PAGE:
Though it’s only recently that everyone is talking about playable ads, the earliest reports of them appearing began in early 2016. Since then, several mobile-focused companies have started building them in-house.
Since playable ads are essentially mini-games, to make one, your development team needs to actually build the logic behind the game, i.e. build the game engine. There are several very common types of game engines, including match-3 games and bubble shooters. The good news is, you only need to build that logic once. Then you can leverage it as a base to create playable ads for multiple products, using in-game assets to re-skin the same game engine, while making tweaks that highlight unique features like multiple mechanics.
Usually, casual games work best for this ad unit because they have simple logics that can be easily translated and developed into mini-games. Otherwise, intense games can take too much development time, and as a result be too heavy to serve users.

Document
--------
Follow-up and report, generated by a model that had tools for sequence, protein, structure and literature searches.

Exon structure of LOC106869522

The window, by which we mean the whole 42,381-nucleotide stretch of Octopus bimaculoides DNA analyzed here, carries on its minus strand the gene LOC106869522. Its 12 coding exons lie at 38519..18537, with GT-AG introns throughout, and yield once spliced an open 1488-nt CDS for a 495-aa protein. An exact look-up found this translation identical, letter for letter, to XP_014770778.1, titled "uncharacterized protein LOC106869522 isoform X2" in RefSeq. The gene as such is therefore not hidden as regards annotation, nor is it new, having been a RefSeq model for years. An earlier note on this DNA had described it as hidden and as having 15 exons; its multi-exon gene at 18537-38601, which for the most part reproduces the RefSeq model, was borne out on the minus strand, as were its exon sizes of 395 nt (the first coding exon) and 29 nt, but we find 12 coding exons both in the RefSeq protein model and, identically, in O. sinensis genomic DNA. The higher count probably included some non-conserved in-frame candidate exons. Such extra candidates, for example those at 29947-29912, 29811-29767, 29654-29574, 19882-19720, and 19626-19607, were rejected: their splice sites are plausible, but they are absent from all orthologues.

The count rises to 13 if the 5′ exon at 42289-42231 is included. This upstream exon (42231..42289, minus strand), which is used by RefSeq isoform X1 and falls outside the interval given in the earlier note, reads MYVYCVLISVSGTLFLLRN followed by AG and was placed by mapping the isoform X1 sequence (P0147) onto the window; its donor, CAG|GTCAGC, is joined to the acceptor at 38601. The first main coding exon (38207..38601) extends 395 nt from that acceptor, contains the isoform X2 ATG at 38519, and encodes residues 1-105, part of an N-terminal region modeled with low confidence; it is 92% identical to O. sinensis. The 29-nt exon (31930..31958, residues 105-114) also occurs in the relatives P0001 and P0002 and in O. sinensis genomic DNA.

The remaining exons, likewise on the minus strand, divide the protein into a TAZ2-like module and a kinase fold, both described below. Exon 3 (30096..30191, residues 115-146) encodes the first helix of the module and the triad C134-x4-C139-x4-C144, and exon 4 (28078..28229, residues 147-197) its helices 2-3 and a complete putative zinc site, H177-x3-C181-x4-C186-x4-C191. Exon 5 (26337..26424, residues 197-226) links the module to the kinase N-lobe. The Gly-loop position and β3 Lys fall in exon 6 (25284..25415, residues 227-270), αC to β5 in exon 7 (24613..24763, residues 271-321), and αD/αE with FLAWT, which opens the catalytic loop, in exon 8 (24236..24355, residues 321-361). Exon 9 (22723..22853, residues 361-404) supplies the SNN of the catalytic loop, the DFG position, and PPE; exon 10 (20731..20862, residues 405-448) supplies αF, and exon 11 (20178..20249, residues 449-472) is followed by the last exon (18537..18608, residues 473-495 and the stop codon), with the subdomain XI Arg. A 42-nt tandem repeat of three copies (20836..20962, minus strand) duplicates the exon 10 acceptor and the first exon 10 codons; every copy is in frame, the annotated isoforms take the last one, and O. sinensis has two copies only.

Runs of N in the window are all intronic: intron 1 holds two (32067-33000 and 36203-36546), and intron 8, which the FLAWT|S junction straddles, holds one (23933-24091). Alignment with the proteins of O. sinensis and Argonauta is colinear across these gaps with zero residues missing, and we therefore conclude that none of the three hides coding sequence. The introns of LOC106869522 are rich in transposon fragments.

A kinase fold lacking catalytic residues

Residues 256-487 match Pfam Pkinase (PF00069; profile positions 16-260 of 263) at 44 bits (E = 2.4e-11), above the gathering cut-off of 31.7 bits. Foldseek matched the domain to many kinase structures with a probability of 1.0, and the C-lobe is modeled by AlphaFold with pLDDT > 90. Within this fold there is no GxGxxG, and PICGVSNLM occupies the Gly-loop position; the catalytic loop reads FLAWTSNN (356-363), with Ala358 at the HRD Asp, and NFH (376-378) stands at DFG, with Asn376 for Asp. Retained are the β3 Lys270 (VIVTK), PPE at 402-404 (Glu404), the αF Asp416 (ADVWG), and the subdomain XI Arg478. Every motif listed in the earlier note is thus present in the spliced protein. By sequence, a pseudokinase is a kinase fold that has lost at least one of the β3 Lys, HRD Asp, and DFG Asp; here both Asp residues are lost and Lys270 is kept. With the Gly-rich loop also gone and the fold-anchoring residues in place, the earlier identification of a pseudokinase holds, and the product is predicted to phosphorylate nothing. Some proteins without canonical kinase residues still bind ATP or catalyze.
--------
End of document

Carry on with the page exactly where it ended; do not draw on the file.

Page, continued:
The application of playable ads in the gaming space is clear, but the format also works well for brands looking to create memorable experiences for their target audiences. Almost anything can be gamified, and it’s that very element of playfulness which ensures consumers remember the brand behind the ‘game’ they just engaged with.
Technology: A cloud-based virtual Android live streams an app’s gameplay to a user’s device in real-time. The ad, for example, could be an actual snippet of ‘Level 21.’
Best suited for: Games with 3D graphics